On the morning of August 6, throngs of people were in the church. The Padre, too, attended, accompanied by his fellow priests. Exhausted, he had to sit down, and remained a long time in front of the image of the Madonna. When the little statue was placed before him for him to kiss, he placed in her hands the rosary that had been a gift from the prayer group of San Casciano in Val di Pesa. That affectionate and touching gesture brought tears to the eyes of all who were present.

Source: Rome Reports

When, at last, the helicopter rose from the terrace of the Home for the Relief of Suffering, among the eyes that followed it were his, wet with tears.… He called her by name: “Beautiful little Mother, I have been sick during your visit to Italy; now you are leaving without curing me!” He would have preferred to die rather than remain unable to celebrate Mass and hear confessions. But the moment he lamented her departure, Padre Pio felt a chill through his body. He exclaimed to his fellow priests: “I am cured!”

And so he was. This became known to everyone. Fr. Francesco Napolitano, who had been present at that scene, said that Padre Pio never felt so healthy and strong as he did after the departure of the statue of Our Lady of Fatima. Certain insinuations of the press were addressed when Padre Pio, with his usual childlike simplicity, said to his spiritual director, Fr. Agostino of San Marco in Lamis, “The Madonna came because she wanted to cure Padre Pio!”

For the stigmatist of the Gargano, love for the Madonna meant perpetual imitation of her. If Jesus is the way and the light that leads to the Father, Mary is the way and the light which leads to Jesus. With Mary’s help, and by imitating her virtues, Padre Pio drew ever closer to Jesus, so very close as to be transformed into him.

His imitation of Mary meant, most importantly, imitation of her humility. For him, that humility was a constant interior torment, a slow and painful agony, the anguish of not knowing whether he was corresponding to divine grace. You could read that deep humility on his face even when he was surrounded by clamorous crowds who believed in him, who trusted in his prayers and expected so many miracles from him every day. He always remained collected. His humility made it possible for him to be serene and dignified as he silently accepted mortification, slander, quarrels, humiliation, and sorrow.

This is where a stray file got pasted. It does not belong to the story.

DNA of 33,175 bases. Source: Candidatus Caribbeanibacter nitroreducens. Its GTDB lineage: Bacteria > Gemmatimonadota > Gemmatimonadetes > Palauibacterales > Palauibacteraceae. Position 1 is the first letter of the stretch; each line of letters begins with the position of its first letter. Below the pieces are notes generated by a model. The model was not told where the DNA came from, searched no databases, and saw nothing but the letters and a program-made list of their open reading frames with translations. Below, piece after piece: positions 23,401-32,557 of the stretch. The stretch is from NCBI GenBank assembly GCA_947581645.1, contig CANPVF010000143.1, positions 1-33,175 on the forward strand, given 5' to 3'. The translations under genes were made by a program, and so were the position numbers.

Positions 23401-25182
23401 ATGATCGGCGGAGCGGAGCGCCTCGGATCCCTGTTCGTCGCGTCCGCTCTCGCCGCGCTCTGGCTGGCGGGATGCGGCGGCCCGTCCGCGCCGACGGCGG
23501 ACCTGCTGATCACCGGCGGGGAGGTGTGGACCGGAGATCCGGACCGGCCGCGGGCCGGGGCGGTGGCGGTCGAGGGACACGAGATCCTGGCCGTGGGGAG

For him, love of the Madonna signified perpetual mortification. He implored his spiritual director to allow him to make a vow of abstinence from fruit on Wednesdays; he also asked him to suggest a means of pleasing the Blessed Mother in all things at all times. Love of the Madonna animated Padre Pio, and inspired him all the more to become an apostle. “I should like to have a voice strong enough to invite all the sinners of the world to love the Madonna.” God heard this sigh of love: He was given a voice that could be heard even when he was silent. It was a voice that touched the depths of people’s hearts and that penetrated their consciences, a voice that tormented and shook those who were dormant. It was a voice that was as terrible as the crashing of thunder in the night, yet as sweet as a caress. It was a voice that was threatening yet inviting, a voice that annihilated yet restored, that consoled and pardoned.

To all those who recommended themselves to his prayers, Padre Pio would say: “Love the Madonna. Recite the rosary.” One day, his guardian asked him how many rosaries he recited daily. Padre Pio answered, “Well, I have to tell my Guardian the truth; I have recited thirty-four!” For him, the rosary was a perpetual meditation on the profound mysteries of Calvary, on Jesus’s plan of salvation, on his sorrowful Mother. Padre Pio was fascinated by the Hail Mary.

Padre Pio was deeply devoted to Our Lady of Pompeii. He never failed to pay her a visit whenever he had the opportunity to go to Pompeii. He went to this mystical sanctuary for the first time in 1901, when he was fourteen years old, accompanied by his teacher and seven schoolmates. As a soldier, during his military service at Naples, he never failed to run down to Pompeii from time to time, to say “hello” to his “beautiful Virgin.”

A few days before his death, on the eve of the fiftieth anniversary of his stigmata, he was offered a bouquet of roses. He was deeply touched, and with a slight gesture toward his picture of the Virgin Mother, he took a rose and asked one of his spiritual children to take it to Pompeii and place it in front of the image of the Madonna.

“That rose,” wrote Fr. Gerardo di Flumeri, “did not wilt; it remained beautiful, fresh, and fragrant until the day of the Padre’s death; then it closed and became a bud again.” That rose is the symbol of the venerated Padre’s love for the “beautiful Virgin,” his beloved “Mother of Pompeii.”

Padre Pio A Personal Portrait